The Hawaiian monk seal
The Hawaiian monk seal
The Hawaiian monk seal belongs to the family of Phociadae or earless seals. It is an endangered species and one of the two remaining monk of its family. The native Hawaiians call them “Ilio-holo-i-ka-uaua” which means “dog that runs in rough water”. It's scientific name is “Monachus schainslandi” (http://en.wikipedia.org/wiki/Hawaiian_monk_seal).
Phocidae family (Earless seal)
The Hawaiian monk seal is a member of the Phocidae family. His cousin the Mediterranean monk seal, which is highly endangered and his other cousin the Caribbean monk seal is already extinct. As typically for an earless seal, the Hawaiian monk seal has a lack of external ears so they hear trough small holes on either side of their head. They use their hind flippers as a rudder or as an aid in steering underwater. On land they are unable to rotate their hind flippers, so its difficult for them to move on land, they have to some kind of wiggle to move forward. (http://www.earthtrust.org/wlcurric/seals.html)
Habitat and Feeding
The Hawaiian monk seal is the only seal native to Hawaii and the only seal living in the Central Pacific. The majority of the seals are found on the Northwest Hawaiian Islands. There is also a small but growing population on the main Hawaiian Islands . They spend two-thirds of the day at the sea.(http://en.wikipedia.org/wiki/Hawaiian_monk_seal). Hawaiian monk seals inhabitant reefs, shallow lagoons, oceans and beaches. They use the sandy beach for resting, molting, mating and rearing the young. (http://www.defenders.org/hawaiian-monk-seal/basic-facts). Besides sandy beaches, they also rest on volcanic rocks. Because they live in areas without any people around, they never learn to fear people, so they are easily approachable and disturbed. Because of the immense distance to the nearest land, the Hawaiian monk seals habitat is limited to the Hawaiian Islands. They avoid beaches where they are disturbed and since Hawaii is a popular island its not easy for them anymore to find beaches. (http://www.earthtrust.org/wlcurric/seals.html) The main prey of an Hawaiian monk seal is bony fish, cephalopods and crustaceans. Subadults often prefer small octopus and eels, while adults prefer larger octopi species. They swallow the head first to not get hurt by fins or spines. (http://www.earthtrust.org/wlcurric/seals.html) Scars from shark attacks or entangles with fishing gear are often found on their body. (http://en.wikipedia.org/wiki/Hawaiian_monk_seal)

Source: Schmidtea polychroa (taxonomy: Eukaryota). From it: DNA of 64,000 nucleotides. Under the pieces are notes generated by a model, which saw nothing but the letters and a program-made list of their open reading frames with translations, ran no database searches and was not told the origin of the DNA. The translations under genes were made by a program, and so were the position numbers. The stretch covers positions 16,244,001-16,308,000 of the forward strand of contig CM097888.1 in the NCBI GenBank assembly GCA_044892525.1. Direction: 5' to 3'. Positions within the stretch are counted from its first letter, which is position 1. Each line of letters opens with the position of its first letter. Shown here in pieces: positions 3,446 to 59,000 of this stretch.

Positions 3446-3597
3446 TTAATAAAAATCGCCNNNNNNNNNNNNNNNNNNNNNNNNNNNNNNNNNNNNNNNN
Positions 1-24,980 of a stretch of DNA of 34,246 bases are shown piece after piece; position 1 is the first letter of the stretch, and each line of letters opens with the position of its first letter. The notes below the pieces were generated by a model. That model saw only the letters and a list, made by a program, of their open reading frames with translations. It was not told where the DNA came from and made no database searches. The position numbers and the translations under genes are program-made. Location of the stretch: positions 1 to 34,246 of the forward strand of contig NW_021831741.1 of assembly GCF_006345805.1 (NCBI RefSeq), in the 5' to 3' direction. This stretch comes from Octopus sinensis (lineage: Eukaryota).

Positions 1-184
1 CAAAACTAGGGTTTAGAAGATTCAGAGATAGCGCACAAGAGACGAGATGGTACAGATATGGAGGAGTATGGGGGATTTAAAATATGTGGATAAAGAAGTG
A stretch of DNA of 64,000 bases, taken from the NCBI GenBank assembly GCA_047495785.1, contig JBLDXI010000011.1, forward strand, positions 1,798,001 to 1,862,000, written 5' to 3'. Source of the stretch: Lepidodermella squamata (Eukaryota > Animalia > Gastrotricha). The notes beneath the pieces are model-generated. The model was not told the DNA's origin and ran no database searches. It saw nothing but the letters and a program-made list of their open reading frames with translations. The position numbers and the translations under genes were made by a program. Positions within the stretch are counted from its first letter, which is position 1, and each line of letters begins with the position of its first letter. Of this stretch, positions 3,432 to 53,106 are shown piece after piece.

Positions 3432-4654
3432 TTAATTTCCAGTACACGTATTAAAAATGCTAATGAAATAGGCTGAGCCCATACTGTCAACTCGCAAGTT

Hawaiian monk seals have a grey coat and a white belly. Their head is small and flat with large black eyes and eight pairs of teeth, a short snouts with nostril on top and whiskers on each side. (http://en.wikipedia.org/wiki/Hawaiian_monk_seal). Nostrils are small verticals slits. They close them when they dive underwater. Their physique is ideal for hunting and their slender, torpedo-shaped body with its hind flippers make them very agile swimmers.(http://www.earthtrust.org/wlcurric/seals.html). The grey coat is covered with either dark grey or brown hairs, which change colors, because of the sunlight and the seawater. The dark grey hair turns into brown and the brown turns into a yellow-brown. At the annual molt they shed their hair and the outer layer of their skin. During the molt, which is about 10 days long the seals remain on the beach. (http://en.wikipedia.org/wiki/Hawaiian_monk_seal). Male adults weight between three hundred and four hundred pounds and are about seven feet long. Female adults weight between four hundred and six hundred pounds and up to eight feet long. (http://www.defenders.org/hawaiian-monk-seal/basic-facts.
The breeding season is between December and August. During the breeding season, the seals mate in the water. Females become mature at the age of six. Every year around sixty percent of all females give birth...
Ellis, Richard No Turning Back: The Life and Death of Animal Species. New York: Harper Perennial. p.194
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